New languages needed at Australasian schools

When I was at school, the languages offered were French, Japanese, Latin, Maori, and, later, Spanish. 13-year-olds were made to study one or two languages for their first year at high school, and after that language study was optional. It wasn’t until after I had graduated that Mandarin Chinese was offered at my high school. My younger siblings took it for a while, and I sincerely wish I had had the opportunity to (even though inevitably I would have found it difficult and would have wanted to quit).

The attitude towards language learning when I was growing up was that we didn’t need any other language besides English. New Zealand was so far away from other countries that we didn’t really have a ‘most important’ foreign language to learn. We didn’t need any of them to get by (I assume there was a similar feeling in Australia too).

These days, with so much reliance on international trade, people would be foolish to hide behind the geographic distance shield. Asian languages especially are going to become much more important for Aussies and Kiwis to learn. We are drifting further away from reliance on the traditional school languages – French, German, Latin – and Chinese, Japanese, Thai, and many other languages will prove to be relevant, if not crucial, to students in the future.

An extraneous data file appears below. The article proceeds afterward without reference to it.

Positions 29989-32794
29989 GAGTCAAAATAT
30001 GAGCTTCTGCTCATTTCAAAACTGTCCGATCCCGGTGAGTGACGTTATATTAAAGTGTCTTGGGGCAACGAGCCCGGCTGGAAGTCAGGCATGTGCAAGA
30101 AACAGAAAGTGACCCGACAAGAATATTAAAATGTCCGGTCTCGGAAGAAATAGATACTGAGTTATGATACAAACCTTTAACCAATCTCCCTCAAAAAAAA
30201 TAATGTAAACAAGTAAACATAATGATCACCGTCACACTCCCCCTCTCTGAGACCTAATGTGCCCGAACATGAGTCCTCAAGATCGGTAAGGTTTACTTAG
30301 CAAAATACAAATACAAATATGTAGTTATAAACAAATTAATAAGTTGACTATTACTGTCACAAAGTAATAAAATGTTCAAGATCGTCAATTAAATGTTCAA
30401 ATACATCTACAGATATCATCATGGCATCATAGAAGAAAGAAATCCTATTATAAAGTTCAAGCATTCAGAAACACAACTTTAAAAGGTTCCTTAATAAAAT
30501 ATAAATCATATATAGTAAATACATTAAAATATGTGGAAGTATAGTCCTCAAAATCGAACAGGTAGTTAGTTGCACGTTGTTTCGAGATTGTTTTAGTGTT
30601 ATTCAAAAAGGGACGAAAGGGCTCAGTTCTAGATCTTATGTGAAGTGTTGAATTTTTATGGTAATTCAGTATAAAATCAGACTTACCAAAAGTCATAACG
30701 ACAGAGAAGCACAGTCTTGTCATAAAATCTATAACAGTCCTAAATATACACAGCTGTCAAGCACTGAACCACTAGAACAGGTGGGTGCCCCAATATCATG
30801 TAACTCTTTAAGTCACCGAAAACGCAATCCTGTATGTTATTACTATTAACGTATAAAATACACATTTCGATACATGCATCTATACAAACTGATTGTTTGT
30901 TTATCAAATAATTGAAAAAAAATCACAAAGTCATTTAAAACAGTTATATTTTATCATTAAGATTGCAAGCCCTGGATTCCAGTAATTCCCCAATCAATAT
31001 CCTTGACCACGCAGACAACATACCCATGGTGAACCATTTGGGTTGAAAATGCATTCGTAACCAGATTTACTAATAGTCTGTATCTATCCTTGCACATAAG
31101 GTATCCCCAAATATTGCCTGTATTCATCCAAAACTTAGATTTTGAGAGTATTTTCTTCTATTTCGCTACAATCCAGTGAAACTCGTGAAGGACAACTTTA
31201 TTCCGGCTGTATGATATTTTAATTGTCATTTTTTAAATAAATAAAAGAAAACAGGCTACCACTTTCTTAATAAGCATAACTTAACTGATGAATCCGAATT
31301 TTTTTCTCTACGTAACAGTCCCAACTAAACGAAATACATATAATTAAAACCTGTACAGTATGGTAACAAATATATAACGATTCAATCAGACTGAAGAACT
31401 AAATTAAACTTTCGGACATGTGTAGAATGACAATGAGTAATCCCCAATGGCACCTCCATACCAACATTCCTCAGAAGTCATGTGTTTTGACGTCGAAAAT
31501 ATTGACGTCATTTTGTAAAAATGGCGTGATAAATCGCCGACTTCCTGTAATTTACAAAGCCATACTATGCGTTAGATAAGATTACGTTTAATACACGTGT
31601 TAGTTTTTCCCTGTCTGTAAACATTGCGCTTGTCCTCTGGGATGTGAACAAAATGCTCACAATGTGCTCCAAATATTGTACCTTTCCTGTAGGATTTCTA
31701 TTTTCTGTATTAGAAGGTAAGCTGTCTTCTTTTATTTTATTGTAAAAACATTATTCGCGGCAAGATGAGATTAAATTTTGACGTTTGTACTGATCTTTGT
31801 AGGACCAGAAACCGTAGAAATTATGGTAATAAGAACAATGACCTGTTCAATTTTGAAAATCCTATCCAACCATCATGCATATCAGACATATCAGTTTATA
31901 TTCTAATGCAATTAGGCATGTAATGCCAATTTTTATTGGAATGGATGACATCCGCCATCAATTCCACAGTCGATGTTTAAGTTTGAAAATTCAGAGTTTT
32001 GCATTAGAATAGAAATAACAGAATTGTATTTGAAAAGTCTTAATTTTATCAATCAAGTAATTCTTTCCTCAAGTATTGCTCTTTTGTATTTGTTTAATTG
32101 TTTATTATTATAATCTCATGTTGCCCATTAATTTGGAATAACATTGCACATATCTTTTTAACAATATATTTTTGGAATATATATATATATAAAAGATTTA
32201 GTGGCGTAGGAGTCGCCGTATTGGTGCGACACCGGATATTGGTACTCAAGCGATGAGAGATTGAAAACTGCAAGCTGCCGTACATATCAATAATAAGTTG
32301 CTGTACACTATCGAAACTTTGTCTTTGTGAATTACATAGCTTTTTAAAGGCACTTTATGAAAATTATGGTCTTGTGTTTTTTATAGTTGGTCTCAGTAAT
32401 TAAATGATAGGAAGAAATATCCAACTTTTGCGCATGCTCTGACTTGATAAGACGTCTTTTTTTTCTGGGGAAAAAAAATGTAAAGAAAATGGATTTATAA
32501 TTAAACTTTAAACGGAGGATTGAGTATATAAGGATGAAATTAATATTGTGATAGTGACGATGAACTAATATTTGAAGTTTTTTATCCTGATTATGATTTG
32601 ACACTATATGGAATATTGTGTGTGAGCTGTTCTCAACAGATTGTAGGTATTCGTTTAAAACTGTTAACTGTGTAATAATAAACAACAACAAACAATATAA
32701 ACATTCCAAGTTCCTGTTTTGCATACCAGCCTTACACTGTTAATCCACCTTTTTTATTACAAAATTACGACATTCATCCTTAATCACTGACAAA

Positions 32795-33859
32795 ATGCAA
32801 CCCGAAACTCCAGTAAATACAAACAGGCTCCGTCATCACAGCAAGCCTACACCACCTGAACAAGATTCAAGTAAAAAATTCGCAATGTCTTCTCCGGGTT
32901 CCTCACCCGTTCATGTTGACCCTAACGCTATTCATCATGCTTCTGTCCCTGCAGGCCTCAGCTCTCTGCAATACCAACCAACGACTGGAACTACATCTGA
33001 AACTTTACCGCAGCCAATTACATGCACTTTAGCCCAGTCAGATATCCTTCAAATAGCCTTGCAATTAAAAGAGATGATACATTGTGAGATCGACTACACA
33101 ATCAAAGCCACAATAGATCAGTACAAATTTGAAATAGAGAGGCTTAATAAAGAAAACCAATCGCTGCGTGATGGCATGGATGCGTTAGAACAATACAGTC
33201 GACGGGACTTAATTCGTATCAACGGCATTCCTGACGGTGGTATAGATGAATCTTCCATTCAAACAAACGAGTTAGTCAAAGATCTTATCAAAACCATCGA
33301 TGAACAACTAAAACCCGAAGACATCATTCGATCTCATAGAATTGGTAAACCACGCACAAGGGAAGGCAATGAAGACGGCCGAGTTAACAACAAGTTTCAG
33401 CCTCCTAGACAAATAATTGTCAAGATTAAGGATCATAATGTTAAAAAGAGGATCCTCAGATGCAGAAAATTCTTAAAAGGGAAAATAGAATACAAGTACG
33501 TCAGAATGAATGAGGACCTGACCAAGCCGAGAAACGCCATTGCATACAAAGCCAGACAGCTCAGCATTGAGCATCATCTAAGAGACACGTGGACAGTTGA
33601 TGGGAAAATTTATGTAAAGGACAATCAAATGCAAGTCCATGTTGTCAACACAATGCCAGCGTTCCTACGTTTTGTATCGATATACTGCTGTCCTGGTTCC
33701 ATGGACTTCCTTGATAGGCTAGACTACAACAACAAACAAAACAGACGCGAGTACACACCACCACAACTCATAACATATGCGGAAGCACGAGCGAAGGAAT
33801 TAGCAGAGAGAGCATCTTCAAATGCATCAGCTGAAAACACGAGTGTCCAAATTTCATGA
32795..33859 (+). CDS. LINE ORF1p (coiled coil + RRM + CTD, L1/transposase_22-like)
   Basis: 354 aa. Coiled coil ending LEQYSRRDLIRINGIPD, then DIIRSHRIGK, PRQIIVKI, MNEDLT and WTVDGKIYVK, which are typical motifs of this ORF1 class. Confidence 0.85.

I hope that see a change in the languages offered at schools in Australasia, but I have a feeling that these things, as always, may take a little bit too long. In the meantime, I hope there will be more university and adult language students enrolling in ‘alternative’ language courses.

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